Tuesday, January 4, 2011

How Not to Influence a Voting Block: Speak Out Against the Block

In the race for the head of the Republican National Committee (RNC), there was an almost universal tone of being against equal rights for marriage among all (see below from, in which all of those running were of one voice. It baffles me why there are so many LGBTQ people who vote for some Republicans or Democrats who voice opposition to who we are as human beings, but they do.

This is what the candidates said.



Though Republicans may be less willing overall to embrace gay rights than other groups, the party by no means speaks with one voice on the topic. The DADT repeal vote in the Congress carried a few Republican votes with it, and a handful of well-known Republicans have expressed their support for gay marriage as well.

But that's not how the candidates for RNC chair see it. At the debate yesterday, they spoke with basically one voice and said support for gay marriage does not have a place in the modern GOP.

"There are a lot of discussions and debates about the definition of family and everyone has their own way of making it," current chair Michael Steele, who's running an uphill reelection race, said. "As a party though, we have said very clearly that we support this ideal [that marriage is between one man and one woman], that we support this tradition. And I think that is a very good spot for the party to be in."

The man who seems most likely to replace Steele at this point is Wisconsin GOP chair Reince Priebus. At the debate yesterday, he echoed Steele's words and made it clear he saw no legal case for gay marriage.

"I don't believe that judges can rewrite the Constitution and redraft what marriage is," he said. "I think there is a sanctity of marriage."

"Everyone should be loved," he added, "but at the end of the day, I believe that marriage through the sanctity of marriage should be between one man and one woman."

Ann Wagner, the former Bush administration Ambassador to Luxembourg and a past chair of the Missouri Republican Party, told the crowd at the debate that she's also opposed to gay marriage -- and she knows personally that united Republican opposition to the practice can help lead to legal setbacks for the gay rights crowd.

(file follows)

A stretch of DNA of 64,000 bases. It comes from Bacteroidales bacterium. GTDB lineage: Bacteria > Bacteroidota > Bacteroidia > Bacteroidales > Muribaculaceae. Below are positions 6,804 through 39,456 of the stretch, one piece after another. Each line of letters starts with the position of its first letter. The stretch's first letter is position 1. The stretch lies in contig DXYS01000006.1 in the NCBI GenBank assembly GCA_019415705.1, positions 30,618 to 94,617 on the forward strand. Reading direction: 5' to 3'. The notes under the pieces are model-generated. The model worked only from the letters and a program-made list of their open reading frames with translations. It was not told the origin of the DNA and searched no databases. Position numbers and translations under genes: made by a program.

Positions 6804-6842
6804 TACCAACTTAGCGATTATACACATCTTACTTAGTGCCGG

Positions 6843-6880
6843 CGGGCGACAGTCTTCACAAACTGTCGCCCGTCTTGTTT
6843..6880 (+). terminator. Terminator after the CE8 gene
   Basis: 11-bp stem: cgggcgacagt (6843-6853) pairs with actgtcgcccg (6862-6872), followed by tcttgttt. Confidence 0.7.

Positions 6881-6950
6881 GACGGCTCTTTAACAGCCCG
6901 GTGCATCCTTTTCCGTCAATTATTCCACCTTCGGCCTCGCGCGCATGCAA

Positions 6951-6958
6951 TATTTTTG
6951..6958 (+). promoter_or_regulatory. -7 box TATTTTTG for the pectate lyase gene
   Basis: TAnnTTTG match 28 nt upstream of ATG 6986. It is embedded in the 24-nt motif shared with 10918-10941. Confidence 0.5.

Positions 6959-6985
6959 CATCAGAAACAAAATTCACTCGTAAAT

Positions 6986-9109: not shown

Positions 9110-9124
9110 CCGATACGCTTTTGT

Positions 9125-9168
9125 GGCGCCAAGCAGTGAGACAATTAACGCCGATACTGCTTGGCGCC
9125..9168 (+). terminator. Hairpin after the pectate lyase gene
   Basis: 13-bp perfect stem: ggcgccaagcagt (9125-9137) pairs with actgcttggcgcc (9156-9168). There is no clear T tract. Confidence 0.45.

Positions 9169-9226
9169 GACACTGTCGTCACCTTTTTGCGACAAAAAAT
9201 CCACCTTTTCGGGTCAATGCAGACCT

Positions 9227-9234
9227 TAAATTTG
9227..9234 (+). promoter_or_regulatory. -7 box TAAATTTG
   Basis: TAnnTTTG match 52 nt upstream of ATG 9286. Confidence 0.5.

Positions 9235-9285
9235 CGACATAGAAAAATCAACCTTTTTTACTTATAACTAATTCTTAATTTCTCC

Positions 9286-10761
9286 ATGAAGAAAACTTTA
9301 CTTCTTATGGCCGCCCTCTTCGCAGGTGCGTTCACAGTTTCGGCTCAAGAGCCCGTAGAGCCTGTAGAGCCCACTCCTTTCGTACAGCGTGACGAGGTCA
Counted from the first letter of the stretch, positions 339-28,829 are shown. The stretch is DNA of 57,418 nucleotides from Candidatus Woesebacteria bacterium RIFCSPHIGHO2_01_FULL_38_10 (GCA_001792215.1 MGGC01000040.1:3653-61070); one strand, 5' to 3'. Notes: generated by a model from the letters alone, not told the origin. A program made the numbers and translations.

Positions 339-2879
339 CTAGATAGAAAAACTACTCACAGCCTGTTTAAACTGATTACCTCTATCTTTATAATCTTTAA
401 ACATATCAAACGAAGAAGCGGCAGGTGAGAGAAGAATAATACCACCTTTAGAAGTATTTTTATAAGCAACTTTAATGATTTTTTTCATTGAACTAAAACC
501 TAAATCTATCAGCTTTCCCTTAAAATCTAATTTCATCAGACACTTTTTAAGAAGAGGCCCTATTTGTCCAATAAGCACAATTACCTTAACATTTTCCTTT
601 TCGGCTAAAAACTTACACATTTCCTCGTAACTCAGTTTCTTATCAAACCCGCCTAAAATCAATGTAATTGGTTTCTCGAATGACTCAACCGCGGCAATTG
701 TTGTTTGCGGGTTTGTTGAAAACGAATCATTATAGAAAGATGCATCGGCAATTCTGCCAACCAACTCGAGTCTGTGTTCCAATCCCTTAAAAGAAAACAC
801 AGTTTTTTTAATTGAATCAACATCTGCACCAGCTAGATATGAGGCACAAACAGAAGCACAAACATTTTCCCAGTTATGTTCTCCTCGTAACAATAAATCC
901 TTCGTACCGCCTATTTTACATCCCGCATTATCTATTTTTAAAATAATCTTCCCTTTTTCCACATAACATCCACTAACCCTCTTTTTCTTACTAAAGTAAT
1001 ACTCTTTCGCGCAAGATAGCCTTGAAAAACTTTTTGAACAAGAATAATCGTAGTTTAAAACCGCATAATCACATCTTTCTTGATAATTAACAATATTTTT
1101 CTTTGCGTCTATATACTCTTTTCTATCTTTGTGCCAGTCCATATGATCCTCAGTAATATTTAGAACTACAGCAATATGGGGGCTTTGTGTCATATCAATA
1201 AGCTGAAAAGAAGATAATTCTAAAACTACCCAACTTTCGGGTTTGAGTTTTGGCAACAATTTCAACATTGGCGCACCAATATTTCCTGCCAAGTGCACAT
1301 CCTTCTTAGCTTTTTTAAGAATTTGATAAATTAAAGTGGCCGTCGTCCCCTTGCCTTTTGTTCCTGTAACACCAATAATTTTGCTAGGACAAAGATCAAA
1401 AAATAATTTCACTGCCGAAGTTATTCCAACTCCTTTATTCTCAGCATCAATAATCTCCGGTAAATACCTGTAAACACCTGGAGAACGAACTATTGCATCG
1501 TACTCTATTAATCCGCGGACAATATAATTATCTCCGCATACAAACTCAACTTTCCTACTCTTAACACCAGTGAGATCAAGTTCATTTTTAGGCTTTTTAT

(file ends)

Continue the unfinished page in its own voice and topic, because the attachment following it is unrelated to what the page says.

"I also think it's wonderful as a state party chairman as I was to watch these kinds of values reaffirmed legislatively," she said. "When we won the majority in both houses in Missouri for the first time in 50 years, and then elected a Republican governor, we were able to pass a constitutional amendment in Missouri that in fact reaffirmed your 80 percent center-right beliefs that marriage is between one man and one woman."

Saturday, January 1, 2011

For LGBTQ Teenagers and Parents: It Gets Better

James Osmanski was seven years old when he first realized he was gay.

He wanted to commit suicide.

Today, he is seventeen, and leads the Gay-Straight Alliance in his high school.

In the article about being a gay teenager, this is what is written about being a gay teenager in an American high school:

One bond among many of the members of the Gay-Straight Alliances in Utah high schools is a history of secrecy, depression and even self-loathing in a community where gay children have sometimes been shunned at church or kicked out of their homes.

LGBTQ parents face many of the same kinds of feelings. There are many LGBTQ parents who remain in the closet, dealing with their feelings about being LGBTQ with the use of alcohol or other drugs; secrecy; depression, and self-loathing, on top of guilt. Fear of losing children in custody battles, or emotional relationships with kids, is real.

And it hurts.

Much work to be done in this area for the new year, 2011.

Happy New Year.